A few months ago I offered to paint a portrait as a gift for my mother in law. She decided she would like me to paint a portrait of her mother, Doris Jean. I discovered this beautiful pose amongst the family photos. We believe the photo was taken sometime during the decade of the 1920’s. I never knew Doris Jean (my husband’s grandmother) as she had passed away several years before I married into the family. Among Doris Jean’s ancestors was a Sioux Indian chief.
The original photo was only wallet size and in fairly poor condition. A family member In North Carolina scanned the original photo and emailed me the photo file. I was disappointed with the lack of clarity evident when the photo was enlarged, but I decided to give it my best effort (as I didn’t have any alternative from which to choose).First Painting:
As with all of my portraits, the goal of my first painting is to establish the facial features as accurately as possible by painting the shadows (not the general skin tones this time). Her eyes in particular gave me a fit, and I had to depend on my calipers repeatedly to measure and re-measure. Even still, complete accuracy proved next to impossible due to the blurry nature of so many of the defining features on the study photo. I painted this first painting while vacationing at a beach in North Carolina and was relieved that my mother in law approved the resemblance at this early stage. My mother in law also told me that her mom's hair color was a very dark brown (even though it appears lighter in this photo)and that Doris's eye color was blue/green. I don’t always paint the pupil on the first fire, but decided to do so this time since it was important for me to determine if I’d captured her “gaze”. Fired to 016.Second Painting:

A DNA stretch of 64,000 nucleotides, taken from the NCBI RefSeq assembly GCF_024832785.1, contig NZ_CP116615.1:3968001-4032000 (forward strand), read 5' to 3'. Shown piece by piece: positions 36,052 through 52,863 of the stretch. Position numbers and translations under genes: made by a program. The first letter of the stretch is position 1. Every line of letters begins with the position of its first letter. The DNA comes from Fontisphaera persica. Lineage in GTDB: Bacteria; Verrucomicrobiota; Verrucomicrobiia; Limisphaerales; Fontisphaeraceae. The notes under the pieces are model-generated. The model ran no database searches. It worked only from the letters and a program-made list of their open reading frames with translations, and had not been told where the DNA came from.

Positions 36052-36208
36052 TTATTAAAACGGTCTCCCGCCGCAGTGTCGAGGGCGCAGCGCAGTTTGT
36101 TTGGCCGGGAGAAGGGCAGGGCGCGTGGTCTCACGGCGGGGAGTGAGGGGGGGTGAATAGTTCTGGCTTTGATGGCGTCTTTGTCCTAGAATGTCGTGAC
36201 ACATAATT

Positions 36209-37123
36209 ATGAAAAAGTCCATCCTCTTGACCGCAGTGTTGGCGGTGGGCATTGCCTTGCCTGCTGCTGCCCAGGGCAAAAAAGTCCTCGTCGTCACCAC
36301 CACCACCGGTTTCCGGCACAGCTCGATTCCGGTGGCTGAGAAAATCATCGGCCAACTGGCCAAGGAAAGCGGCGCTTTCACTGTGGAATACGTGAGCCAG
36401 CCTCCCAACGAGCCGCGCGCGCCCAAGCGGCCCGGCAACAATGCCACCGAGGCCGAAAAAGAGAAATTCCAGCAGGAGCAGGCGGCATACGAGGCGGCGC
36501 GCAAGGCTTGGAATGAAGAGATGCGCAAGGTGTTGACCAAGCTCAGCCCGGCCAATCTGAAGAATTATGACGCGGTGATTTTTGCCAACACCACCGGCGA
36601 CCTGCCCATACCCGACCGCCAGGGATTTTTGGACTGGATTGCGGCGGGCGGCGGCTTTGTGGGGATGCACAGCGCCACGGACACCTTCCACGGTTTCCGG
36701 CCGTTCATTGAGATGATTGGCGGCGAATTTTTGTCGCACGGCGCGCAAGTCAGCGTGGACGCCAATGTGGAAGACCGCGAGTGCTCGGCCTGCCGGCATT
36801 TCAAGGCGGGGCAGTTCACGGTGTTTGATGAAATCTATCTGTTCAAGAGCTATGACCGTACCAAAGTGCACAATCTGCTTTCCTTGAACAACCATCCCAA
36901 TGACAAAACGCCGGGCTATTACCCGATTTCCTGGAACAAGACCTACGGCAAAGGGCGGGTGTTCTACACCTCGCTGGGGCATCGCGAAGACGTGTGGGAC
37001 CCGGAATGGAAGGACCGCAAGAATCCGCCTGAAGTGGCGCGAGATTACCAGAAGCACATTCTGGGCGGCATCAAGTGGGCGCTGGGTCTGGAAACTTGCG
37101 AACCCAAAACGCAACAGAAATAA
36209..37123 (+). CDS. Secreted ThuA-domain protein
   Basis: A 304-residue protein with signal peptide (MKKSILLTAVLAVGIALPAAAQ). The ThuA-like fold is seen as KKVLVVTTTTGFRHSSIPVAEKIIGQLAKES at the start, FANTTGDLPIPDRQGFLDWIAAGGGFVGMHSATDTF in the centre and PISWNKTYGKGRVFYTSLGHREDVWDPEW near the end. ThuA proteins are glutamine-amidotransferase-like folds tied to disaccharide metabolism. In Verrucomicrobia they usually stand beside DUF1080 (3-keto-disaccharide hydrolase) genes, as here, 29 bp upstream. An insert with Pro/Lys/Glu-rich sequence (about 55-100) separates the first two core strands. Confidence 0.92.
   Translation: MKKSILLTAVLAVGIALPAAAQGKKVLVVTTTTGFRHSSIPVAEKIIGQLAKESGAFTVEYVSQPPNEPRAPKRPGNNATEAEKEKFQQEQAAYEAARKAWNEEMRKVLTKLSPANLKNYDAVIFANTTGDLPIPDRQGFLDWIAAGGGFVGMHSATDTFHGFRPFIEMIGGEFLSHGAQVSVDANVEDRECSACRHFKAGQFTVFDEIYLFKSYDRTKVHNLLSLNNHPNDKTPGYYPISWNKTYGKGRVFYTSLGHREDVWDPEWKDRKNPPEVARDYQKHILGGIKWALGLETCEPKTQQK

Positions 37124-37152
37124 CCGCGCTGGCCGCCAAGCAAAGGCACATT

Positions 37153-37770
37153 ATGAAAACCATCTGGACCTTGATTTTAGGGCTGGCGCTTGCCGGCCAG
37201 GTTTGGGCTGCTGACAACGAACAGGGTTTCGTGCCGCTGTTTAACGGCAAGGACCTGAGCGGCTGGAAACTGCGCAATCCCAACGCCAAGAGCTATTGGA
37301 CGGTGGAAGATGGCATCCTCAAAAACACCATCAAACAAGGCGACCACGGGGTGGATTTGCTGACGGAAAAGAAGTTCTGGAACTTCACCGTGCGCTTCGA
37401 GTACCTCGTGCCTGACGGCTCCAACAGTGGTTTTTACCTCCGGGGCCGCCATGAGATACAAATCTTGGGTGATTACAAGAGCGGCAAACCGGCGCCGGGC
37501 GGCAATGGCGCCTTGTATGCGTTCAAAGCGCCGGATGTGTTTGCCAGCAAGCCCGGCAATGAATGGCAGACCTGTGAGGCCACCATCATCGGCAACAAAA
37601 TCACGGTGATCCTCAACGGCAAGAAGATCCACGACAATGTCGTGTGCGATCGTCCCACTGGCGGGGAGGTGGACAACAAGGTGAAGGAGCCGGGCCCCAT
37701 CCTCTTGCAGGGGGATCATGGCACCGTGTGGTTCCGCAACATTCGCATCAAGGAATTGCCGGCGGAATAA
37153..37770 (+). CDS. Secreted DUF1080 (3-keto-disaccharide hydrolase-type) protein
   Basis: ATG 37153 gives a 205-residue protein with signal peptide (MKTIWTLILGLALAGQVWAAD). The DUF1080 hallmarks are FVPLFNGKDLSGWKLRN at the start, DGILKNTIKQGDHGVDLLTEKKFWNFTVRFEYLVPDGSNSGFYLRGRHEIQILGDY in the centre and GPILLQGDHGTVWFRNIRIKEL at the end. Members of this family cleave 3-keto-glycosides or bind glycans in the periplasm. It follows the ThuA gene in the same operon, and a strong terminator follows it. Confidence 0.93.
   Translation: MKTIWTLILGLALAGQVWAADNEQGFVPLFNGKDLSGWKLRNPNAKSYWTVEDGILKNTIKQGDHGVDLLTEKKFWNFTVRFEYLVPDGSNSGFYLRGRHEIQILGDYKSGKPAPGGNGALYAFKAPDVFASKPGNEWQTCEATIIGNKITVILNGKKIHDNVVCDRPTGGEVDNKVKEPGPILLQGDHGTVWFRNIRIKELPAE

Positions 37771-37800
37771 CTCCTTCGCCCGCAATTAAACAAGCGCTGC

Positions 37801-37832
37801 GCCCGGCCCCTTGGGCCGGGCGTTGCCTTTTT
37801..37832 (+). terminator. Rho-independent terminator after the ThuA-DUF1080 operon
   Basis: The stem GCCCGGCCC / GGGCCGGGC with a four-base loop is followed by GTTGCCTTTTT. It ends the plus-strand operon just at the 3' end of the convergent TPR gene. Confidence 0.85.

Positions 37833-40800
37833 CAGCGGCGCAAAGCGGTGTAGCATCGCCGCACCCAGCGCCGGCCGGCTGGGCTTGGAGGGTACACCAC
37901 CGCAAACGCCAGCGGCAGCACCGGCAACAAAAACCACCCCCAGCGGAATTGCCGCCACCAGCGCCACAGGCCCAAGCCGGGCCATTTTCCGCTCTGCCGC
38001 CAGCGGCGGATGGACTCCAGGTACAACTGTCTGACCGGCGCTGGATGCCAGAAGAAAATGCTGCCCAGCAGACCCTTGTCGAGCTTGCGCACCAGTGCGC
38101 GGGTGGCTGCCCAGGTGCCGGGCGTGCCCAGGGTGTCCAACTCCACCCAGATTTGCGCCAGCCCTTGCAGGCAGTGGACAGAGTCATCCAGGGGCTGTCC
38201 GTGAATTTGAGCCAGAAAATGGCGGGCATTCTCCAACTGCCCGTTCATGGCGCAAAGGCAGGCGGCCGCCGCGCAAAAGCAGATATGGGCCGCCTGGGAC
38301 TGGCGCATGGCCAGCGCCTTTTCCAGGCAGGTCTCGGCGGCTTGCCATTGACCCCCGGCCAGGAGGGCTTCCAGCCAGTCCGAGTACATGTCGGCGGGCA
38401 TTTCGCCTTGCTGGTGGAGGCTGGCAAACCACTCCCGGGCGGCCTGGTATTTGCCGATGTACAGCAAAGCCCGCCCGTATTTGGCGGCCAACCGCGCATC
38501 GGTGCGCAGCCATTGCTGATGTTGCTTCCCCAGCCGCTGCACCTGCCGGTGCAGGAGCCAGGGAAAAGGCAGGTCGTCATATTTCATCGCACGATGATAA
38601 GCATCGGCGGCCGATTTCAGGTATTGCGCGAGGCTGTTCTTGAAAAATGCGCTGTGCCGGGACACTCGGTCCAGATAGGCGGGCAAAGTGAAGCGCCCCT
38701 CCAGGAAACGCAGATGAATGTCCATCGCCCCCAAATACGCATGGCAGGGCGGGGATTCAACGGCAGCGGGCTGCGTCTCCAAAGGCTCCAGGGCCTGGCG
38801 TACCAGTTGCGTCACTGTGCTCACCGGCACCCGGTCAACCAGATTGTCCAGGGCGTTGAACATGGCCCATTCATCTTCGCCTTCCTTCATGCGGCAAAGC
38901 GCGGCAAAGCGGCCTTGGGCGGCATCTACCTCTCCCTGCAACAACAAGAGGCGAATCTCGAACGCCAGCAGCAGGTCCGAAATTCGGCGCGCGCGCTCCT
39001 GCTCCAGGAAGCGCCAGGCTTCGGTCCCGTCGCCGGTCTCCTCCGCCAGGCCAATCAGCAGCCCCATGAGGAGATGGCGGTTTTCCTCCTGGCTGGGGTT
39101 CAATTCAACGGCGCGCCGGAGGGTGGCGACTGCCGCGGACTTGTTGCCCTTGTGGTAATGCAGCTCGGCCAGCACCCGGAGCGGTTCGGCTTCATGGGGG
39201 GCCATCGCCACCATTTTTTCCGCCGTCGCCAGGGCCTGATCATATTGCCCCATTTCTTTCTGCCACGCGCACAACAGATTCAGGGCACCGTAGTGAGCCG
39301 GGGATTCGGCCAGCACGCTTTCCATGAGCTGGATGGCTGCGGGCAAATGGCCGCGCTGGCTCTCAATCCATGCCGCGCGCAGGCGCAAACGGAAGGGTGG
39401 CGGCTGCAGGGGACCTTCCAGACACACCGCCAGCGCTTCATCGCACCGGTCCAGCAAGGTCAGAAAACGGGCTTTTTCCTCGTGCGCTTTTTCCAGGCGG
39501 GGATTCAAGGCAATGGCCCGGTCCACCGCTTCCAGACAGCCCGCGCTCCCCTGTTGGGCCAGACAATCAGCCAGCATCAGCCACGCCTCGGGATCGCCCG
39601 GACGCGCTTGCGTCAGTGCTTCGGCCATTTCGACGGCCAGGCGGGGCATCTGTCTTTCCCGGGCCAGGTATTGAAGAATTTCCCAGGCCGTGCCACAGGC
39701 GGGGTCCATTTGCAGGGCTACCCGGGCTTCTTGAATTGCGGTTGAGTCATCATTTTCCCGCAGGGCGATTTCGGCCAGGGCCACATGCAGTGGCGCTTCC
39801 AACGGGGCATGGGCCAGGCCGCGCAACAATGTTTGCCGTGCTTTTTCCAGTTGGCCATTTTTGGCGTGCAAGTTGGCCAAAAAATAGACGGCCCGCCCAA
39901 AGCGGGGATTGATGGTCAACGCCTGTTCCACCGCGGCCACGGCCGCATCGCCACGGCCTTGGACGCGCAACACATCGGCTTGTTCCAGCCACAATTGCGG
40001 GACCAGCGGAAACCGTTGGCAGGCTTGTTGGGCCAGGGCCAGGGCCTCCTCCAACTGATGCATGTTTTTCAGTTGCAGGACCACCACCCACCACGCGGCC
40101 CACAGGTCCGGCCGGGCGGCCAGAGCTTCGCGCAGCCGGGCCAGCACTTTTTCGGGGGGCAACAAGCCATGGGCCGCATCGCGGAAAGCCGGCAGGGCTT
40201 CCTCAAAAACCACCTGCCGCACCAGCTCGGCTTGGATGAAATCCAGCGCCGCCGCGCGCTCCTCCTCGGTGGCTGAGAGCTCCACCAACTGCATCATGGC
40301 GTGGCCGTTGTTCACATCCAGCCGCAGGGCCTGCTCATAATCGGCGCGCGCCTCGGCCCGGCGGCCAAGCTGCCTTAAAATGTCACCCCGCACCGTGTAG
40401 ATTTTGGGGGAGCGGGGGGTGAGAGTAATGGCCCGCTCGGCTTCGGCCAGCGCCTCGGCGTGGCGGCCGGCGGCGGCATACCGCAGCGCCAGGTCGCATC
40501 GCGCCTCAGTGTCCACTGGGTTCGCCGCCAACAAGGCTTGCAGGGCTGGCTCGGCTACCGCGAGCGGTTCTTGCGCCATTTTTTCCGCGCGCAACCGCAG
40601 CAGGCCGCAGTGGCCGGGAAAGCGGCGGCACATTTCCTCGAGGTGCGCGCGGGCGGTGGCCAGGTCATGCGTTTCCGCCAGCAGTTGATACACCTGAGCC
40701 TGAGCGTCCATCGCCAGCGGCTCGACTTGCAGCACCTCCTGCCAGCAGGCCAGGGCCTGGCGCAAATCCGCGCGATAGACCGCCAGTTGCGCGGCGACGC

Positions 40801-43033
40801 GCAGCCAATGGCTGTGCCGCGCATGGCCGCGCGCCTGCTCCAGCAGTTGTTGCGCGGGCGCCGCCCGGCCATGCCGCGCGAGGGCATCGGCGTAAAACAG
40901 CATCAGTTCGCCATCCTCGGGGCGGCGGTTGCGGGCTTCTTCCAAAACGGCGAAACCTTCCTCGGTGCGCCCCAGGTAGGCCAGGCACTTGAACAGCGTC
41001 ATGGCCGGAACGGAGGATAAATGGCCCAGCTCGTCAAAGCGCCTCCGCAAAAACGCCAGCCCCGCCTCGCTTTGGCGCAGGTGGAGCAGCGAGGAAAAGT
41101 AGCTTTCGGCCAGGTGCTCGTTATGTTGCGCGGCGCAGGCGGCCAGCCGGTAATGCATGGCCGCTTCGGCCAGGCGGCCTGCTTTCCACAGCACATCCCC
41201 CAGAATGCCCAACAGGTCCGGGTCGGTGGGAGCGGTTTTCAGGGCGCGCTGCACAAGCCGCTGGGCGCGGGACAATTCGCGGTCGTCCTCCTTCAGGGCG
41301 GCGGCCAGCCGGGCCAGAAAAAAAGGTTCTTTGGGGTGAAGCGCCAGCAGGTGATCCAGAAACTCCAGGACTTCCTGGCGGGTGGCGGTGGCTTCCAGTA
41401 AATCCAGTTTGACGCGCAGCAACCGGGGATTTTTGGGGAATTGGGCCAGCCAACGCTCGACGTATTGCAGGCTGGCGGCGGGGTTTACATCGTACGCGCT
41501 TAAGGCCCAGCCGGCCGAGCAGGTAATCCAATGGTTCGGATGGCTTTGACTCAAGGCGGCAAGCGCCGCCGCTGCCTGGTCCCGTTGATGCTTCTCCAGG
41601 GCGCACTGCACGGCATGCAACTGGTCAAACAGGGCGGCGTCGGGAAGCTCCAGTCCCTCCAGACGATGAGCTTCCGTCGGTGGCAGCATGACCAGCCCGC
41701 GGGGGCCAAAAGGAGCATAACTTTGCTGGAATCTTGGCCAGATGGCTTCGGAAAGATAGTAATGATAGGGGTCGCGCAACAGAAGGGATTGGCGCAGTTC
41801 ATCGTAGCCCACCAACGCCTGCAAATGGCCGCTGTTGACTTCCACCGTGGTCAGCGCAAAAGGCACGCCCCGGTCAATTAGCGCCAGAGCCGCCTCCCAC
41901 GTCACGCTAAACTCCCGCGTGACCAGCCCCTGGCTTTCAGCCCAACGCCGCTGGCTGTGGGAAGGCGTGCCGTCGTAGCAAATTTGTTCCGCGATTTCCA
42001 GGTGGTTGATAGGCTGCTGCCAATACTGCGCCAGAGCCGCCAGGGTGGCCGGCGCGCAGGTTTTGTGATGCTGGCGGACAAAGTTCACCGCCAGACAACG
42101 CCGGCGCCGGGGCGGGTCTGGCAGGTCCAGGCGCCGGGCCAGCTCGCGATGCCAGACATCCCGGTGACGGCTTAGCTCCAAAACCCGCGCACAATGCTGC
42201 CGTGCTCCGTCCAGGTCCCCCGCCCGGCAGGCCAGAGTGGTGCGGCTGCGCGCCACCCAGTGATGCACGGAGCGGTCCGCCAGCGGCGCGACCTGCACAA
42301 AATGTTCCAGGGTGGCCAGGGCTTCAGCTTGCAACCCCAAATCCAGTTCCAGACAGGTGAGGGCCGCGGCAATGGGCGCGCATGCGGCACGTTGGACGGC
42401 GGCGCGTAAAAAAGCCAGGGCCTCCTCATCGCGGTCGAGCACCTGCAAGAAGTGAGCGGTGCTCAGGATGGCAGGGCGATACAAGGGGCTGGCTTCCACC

This painting I washed colors over her skin (Blonde Flesh in the light value areas and Reflected Light in the middle-value areas and Light Red used to contour her cheeks slightly. I darked her eyelids (notice that her eyelids are dark in contrast to her lighter upper lid area) This time her irises were painted with apple green (first painting the irises were light blue), and I shaded the whites of her eyes. If you refer back to the study photo, you'll notice that the lower portion of her eyes are streamed with light (in contrast to the rather heavy shading of the upper right portion of her iris. So it was important to shade only the top area of the iris while leaving the lower left portion very light. I continued defining her facial contours with more shading. I darkened her hair and textured her long curls on each side of her head (retaining a fairly bright highlight on each curl). After hard scrutiny, I finally decided that I could discern what appeared to be a corkscrew curl dangling out of her pulled over bangs, so I painted a curl in that location. I tried to keep all edges of her hair slightly loose and wispy. Fired painting to 017.Third Painting:
This 3rd painting is really only a partial painting. Actually both the second fire and the third fires were only partial paintings. I used this piece to demonstrate on while teaching an individual portrait seminar (demo'd techniques such as shading eyes, painting brows and lashes, etc.) I didn’t get to paint over the entire piece, but instead did what I had time to complete during the day and fired the piece with the other seminar pieces that night. I added subtle eyelashes on this painting. Much of the shadow along the left side of her face was painted with Rembrandt Green. I used Flesh Shadow to give slight definition to the length of her nose along the right side (bright light side). I shaded the folds of her fabric dress with some warm gray and then washed a bit of Flesh #1 over some areas of the sleeve and dress to give a sheer appearance to the fabric. This painting I shaded her pearls with Flesh Shadow and wiped out some highlights. Fired to 018.4th Painting: